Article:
4.  Next, I programmed ‘two’ different algorithms for extracting gesture in each field (e.g., two methods of measuring effort in relation to changes in angularity).  The two algorithms are designed to respond with different sensitivity so that one method is more representative of effort that is exerted in short bursts while the other method indicates a longer energy accumulation, as long as the gesture is repeated/maintained.

A preliminary ‘effort’ gesture continuum is listed here, from least to most effort exertion. One performance goal may be to combine all of these and so, as each gesture is added, there is an accumulation of movements and also exerted effort.

(1) Rolling slowly
(2) Tilting slowly
(3) Movement along the frontal plane (forward and backward motion)
(4) Changing hand position (widening and narrowing) and brushing
(5) Squeezing with a sustained degree of force and/or rapid pulsating squeezes
(6) Spinning: lasso, fan, airplane, majorette
(7) Concentrated and highly vigorous spinning
(8) Throwing

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Adapted t-stick notation (prompt score)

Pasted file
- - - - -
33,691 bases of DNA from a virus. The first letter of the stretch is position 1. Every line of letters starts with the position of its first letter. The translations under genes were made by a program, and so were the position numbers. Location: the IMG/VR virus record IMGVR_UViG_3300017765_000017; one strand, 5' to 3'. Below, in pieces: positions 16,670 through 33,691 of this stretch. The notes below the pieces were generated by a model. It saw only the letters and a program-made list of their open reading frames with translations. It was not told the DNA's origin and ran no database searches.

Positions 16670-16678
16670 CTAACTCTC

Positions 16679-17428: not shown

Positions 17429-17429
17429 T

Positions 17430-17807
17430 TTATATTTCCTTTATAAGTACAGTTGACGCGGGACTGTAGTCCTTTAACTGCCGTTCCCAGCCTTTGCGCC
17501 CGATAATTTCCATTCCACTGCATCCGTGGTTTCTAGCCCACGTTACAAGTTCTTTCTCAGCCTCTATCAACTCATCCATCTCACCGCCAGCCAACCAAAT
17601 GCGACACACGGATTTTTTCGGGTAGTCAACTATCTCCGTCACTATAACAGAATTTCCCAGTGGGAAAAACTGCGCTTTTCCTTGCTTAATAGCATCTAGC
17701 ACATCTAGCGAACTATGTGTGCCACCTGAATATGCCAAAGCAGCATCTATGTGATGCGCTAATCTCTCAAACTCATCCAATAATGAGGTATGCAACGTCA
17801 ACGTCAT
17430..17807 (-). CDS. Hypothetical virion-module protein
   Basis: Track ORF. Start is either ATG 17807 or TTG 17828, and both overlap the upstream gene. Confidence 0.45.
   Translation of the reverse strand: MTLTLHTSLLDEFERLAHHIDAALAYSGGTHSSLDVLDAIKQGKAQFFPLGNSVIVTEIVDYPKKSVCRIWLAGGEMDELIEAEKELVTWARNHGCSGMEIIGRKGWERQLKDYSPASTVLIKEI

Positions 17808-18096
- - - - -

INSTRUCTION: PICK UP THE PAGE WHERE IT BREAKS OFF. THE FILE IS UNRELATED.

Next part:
Aspects of traditional music notation (see an example for the t-stick, below), may be adapted for the purpose of creating what I call a ‘prompt score’. This type of notation for the t-stick directs the performer toward a sequence of gestures via a set of symbols that vary quite dramatically in their levels of abstraction.  The instructions in the score range from literal prompts (e.g., shake) to pictorial depiction and standard music notation symbols (see the one-page example illustrated here).

While performing, the prompt score appears as a downward scrolling on-screen graphic that is positioned next to the standard t-stick interface window. The animation of this graphic is controlled by Max/MSP.  A vertical scrolling display – music notation is normally read from left to right, but not in this case – was chosen for two reasons.  First, because the size and lay-out of the t-stick interface window commands two thirds of the laptop screen, only a thin vertical space on the screen is available for the prompt score.  Second, and more importantly, I believe that the full-body movement required to play the t-stick can be better depicted by a score lay-out that, in itself, may more accurately enclose the geometry of the performer’s body. In other words, it is easier to show an image of a standing human form in a vertical window space than in a horizontal – perhaps physically reclining – window.  In addition, I was influenced by the study of Laban dance notation, which also uses a vertically distributed notation system.